The following by Bernard Weinstein, associate director of the Maguire Energy Institute in SMU's Cox School of Business, was published in the April 17, 2010, edition of The Fort Worth Star-Telegram.
April 19, 2010
By BERNARD L. WEINSTEIN
Special to The Star-Telegram
In recent months, President Barack Obama has done an about-face and voiced support for a revival of America's nuclear power industry. To that end, he has proposed a sizable increase in federal loan guarantees to stimulate the construction of commercial reactors.
At the same time, the president continues to insist that Yucca Mountain in Nevada -- the intended repository for spent nuclear fuel -- be abandoned as a disposal site even before it opens. Should this happen, some 60,000 metric tons of spent fuel will remain in temporary on-site storage at 65 plants, and the power industry's interest in building nuclear plants could quickly evaporate.
Since 1982, utilities have paid almost $17 billion into the Nuclear Waste Fund, an account administered by the Energy Department that continues to grow by $800 million annually, to cover the costs of permanent disposal. Texas utilities alone -- which is to say Texas ratepayers -- have contributed almost $650 million to the fund. Even after spending $10 billion at Yucca Mountain, with accumulated interest the fund balance is currently around $20 billion.
Not surprisingly, 16 utilities, along with the National Association of Regulatory Utility Commissioners, have sued the Energy Department to halt further collection of fees, arguing that the country no longer has a disposal plan after ruling out Yucca Mountain.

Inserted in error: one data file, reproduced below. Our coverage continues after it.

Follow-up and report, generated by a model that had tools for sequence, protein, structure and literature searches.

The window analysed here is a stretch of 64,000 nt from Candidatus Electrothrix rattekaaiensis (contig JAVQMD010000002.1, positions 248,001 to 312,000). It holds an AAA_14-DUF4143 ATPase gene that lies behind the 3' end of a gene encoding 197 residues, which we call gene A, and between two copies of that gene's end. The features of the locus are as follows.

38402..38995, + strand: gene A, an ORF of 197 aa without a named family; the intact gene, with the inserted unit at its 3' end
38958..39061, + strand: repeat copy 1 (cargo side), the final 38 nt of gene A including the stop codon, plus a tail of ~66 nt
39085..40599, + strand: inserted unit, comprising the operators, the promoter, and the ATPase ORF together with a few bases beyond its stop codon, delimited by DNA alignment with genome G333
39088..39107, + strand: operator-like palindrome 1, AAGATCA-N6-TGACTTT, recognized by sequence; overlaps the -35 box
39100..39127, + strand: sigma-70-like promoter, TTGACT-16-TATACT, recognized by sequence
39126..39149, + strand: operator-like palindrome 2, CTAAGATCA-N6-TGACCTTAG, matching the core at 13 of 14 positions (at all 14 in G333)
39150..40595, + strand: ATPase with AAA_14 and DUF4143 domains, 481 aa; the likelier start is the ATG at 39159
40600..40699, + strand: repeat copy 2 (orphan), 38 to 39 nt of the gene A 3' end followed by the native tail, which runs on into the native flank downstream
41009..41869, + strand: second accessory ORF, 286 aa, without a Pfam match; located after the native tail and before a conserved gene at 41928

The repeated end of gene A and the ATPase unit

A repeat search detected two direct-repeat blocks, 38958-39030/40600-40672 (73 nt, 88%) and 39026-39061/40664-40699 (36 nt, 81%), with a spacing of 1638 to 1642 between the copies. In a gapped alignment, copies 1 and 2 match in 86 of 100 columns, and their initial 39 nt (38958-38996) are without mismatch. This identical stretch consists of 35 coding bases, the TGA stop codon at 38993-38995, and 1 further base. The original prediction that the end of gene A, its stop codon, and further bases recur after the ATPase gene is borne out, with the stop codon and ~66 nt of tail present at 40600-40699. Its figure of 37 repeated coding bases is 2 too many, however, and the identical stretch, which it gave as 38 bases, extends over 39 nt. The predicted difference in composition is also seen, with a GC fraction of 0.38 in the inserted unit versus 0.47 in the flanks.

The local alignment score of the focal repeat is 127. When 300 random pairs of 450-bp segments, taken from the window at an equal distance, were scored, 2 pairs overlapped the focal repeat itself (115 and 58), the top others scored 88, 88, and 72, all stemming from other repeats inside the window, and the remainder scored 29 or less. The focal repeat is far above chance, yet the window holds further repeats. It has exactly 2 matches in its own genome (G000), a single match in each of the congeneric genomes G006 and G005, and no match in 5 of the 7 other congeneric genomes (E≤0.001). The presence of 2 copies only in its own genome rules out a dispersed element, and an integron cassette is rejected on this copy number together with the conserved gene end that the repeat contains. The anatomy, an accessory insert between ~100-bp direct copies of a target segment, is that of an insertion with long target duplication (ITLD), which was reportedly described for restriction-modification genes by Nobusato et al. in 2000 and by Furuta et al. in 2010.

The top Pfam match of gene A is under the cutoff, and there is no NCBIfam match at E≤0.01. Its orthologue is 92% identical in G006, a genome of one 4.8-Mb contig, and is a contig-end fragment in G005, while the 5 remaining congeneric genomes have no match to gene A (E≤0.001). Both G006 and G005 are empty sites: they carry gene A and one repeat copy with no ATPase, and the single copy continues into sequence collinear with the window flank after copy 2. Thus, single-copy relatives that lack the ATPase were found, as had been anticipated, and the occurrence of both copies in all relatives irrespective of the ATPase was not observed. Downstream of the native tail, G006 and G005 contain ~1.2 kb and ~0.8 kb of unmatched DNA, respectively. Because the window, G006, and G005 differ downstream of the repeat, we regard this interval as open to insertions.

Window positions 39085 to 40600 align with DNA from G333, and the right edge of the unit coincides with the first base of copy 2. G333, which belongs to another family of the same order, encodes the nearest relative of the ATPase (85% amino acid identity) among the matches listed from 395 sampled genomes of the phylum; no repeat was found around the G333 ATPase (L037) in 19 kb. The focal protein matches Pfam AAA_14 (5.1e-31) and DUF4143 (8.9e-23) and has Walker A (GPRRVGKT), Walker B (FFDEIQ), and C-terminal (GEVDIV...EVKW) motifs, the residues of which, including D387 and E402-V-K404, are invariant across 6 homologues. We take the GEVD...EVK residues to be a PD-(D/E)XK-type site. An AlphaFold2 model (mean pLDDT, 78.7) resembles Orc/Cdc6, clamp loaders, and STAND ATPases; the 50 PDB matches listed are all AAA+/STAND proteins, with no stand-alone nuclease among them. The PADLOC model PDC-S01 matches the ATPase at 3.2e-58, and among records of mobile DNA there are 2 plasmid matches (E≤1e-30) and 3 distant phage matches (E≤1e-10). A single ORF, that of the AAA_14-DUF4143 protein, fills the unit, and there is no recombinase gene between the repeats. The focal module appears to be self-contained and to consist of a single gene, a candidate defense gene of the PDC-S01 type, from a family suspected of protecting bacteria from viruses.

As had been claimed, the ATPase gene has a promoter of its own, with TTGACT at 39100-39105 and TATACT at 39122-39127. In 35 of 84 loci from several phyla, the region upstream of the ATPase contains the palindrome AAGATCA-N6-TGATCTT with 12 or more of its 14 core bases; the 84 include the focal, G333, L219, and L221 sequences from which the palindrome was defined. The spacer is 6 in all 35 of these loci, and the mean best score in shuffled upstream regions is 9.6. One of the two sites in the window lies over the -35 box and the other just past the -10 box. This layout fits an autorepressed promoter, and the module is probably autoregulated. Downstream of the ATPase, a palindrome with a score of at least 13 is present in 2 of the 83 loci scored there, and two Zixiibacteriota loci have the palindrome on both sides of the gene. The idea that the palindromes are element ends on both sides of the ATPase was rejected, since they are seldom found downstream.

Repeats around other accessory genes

The Obama administration now says it supports the temporary storage of spent fuel at power plants while technology paves the way for an alternative solution. In fact, that technology already exists -- nuclear fuel reprocessing.
Given the uncertainty over Yucca Mountain and the potential explosion of litigation that will only increase taxpayer exposure, why not rethink the decades-old ban on this technology? The ban was first imposed by President Jimmy Carter in the mid-1970s on the grounds that it could lead to the proliferation of nuclear weapons. But that hasn't stopped France, Britain, Russia, China and South Korea from pursuing fuel reprocessing; and no plutonium has ever been diverted from recycling facilities for weapons production in these countries.
With reprocessing, a technology that was developed in the United States, valuable plutonium and uranium in spent fuel are removed and then chemically processed into a mixed-oxide fuel that can be used again in a reactor to generate additional electricity. Up to 95 percent of the spent fuel volume can be reprocessed, leaving only about 5 percent to decay in a few centuries.
Importantly, reducing the volume of spent fuel through reprocessing would simplify the challenge of storage and disposal. What's more, squeezing more energy out of spent fuel would be beneficial to the nation's economy and the environment.
By using reprocessed fuel, we generate more electricity for American homes and businesses while at the same time reducing greenhouse gas emissions.
One reprocessing facility is already being constructed in South Carolina to recycle surplus plutonium from nuclear weapons into a mixed-oxide fuel for use in nuclear power plants. Some of the funds that have accumulated in the Nuclear Waste Fund could be used to build a similar plant for recycling used fuel from commercial nuclear facilities.
In January, the Energy Department appointed a blue ribbon commission to evaluate policy options for a safe, long-term solution to nuclear waste disposal. The 15-member Commission on America's Nuclear Future, co-chaired by former U.S. Rep. Lee Hamilton of Indiana and former National Security Advisor Brent Scowcroft, and including scientists, industry representatives and heads of environmental research organizations, plans to issue its final report by January 2012.
Recycling of spent nuclear fuel should be at the top of the commission's agenda. Reprocessing, along with centralized interim storage, makes a lot more sense than banking used fuel at nuclear plants indefinitely. At the same time, we should be doing everything we reasonably can to advance America's nuclear renaissance, a task made more difficult by the ongoing uncertainty regarding the final disposition of spent fuel.
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